On a regular basis, I find myself in the fortunate position of hearing Mitzvah stories – stories of how members of our congregation give of themselves to improve the world. Members of our kehillah (community) make an impact locally, nationally and internationally in both specifically Jewish and more universal arenas. This includes, of course, our Bar and Bat Mitzvah students who typically include a “Mitzvah project” as part of their coming-of-age experience. People contribute both time and resources in ways that speak to their diverse interests.
Some of us – and I include myself here – struggle with identifying the appropriate avenues for our acts of “Gemilut Chasadim” (often translated as “deeds of lovingkindness”). How do we prioritize amongst competing needs? What is worthy and what is… even more worthy? We know that Jewish causes will primarily see support from Jews. So how do we decide to split our support (time and money) between exclusively Jewish and more universal causes? And, what about “hybrid” causes – Jewish organizations that help in the wider world? How do we rank our involvement with universities and cultural causes versus health-related volunteerism or tzedakah? How does supporting Israel-related causes measure up against meeting Jewish needs locally, across the United States or elsewhere around the world?
Throughout our, now, sixty-year history as a congregation, we (as a community and as individuals) have filled vital roles in a multitude of ways. I am proud that our community, in recent years, has taken on additional projects through the auspices of the synagogue. Our increasing involvement with the Harrison Food Pantry pictured here is one such example. One often finds a full collection bin for one type of item or another at the synagogue entrances. You may recall that a small group of JCCH members traveled to Houston, Texas last year in the aftermath of Hurricane Harvey to provide some manual labor assistance and express our solidarity. And, of course, many of us feel great pride in how we have adopted a family of refugees, the Ahmadi family (formerly of Afghanistan) and assisted in their resettlement here in America.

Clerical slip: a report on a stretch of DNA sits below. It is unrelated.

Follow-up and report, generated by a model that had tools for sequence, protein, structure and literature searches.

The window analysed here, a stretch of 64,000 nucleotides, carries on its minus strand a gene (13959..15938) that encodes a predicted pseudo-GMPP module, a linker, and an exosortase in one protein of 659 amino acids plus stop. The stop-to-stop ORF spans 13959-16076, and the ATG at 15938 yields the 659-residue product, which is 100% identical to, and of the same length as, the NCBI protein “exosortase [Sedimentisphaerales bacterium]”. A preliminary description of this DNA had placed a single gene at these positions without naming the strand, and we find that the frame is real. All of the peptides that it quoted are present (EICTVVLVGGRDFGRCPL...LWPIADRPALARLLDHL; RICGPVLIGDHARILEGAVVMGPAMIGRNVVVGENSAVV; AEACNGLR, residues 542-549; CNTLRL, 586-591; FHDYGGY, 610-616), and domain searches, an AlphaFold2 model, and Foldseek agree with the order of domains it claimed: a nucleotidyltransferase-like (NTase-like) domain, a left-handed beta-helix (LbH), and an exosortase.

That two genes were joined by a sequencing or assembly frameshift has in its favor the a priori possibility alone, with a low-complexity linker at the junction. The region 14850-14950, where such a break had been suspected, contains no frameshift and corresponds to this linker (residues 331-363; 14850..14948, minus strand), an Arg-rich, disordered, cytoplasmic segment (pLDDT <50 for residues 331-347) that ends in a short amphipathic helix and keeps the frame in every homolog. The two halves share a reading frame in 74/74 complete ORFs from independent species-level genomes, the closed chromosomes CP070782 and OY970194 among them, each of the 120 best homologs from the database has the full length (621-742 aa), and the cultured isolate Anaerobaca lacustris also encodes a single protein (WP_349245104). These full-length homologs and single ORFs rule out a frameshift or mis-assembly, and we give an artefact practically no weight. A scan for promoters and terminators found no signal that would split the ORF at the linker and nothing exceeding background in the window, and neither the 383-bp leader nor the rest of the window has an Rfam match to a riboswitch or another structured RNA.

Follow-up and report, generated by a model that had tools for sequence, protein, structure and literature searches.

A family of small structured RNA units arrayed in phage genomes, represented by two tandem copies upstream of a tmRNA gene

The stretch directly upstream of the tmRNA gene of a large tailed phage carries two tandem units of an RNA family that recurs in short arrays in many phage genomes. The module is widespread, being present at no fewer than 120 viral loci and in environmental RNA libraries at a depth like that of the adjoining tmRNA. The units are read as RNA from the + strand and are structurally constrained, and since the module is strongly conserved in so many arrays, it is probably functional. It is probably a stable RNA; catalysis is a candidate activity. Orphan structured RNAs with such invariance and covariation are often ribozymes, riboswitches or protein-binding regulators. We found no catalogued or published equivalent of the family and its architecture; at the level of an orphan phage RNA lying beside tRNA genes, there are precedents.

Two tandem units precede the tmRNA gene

A fair question to ask about all of these efforts: Must they take place through the framework of a synagogue? Indeed, this is an appropriate question as all of the efforts described above can take place independently, without any coordination through the shul. So, if that is the case, why are we focusing our efforts in this way?
I suggest two reasons. First, as I alluded to above, all of us struggle to find accessible ways to make a difference. With the synagogue organizational infrastructure doing the initial coordinating, we can spend less time planning and more time doing. It is simply more efficient this way. Second, and perhaps more crucially, making these efforts through the auspices of the synagogue helps strengthen our own community. A wonderful friendship network developed, for example, among those involved in resettling the Ahmadi family. Many of us – all synagogue members – had not previously met. So, too, those volunteering each week at the Harrison Food Pantry; we are reaching diverse (and previously under-engaged) groups within the community. We all know that our synagogue’s religious, educational, social and other offerings speak to some of us; efforts in this arena broaden the range of synagogue members who regularly engage with the congregation, in some way.
In a commentary on the Book of Numbers, the Torah is famously compared to wine. Wine – in ancient times and today – is of great value because of the major investment required in its production – cultivating the vineyard, harvesting, turning the grape juice into wine (a multi-year process), etc. The numerical value of the Hebrew letters for the word for wine, Yud-Yud-Nun, (10+10+50) equal seventy. And, therefore, like wine, Torah is described as having seventy ways to expound its meanings, seventy “Panim” (faces) of the Torah. There are seventy different doorways into the Torah, our tradition teaches us.
In some ways, our synagogue can be analogous to Torah. Perhaps there are “seventy” (e.g. a large number) ways into communal involvement and connection. Whatever your preferred entryway, pathway in the door, I ask you to rededicated yourself in this new Jewish of 5779 to finding your particular route into the regular activities of the congregation. And, if that requires you to chart your own path, we would be delighted to partner with you in whatever way speaks to you.
Let us continue to strengthen one another as we begin a new season, a new chapter, a new blessed Jewish Year of 5779 here at the Jewish Community Center of Harrison. Amen and Shana Tova to one and all.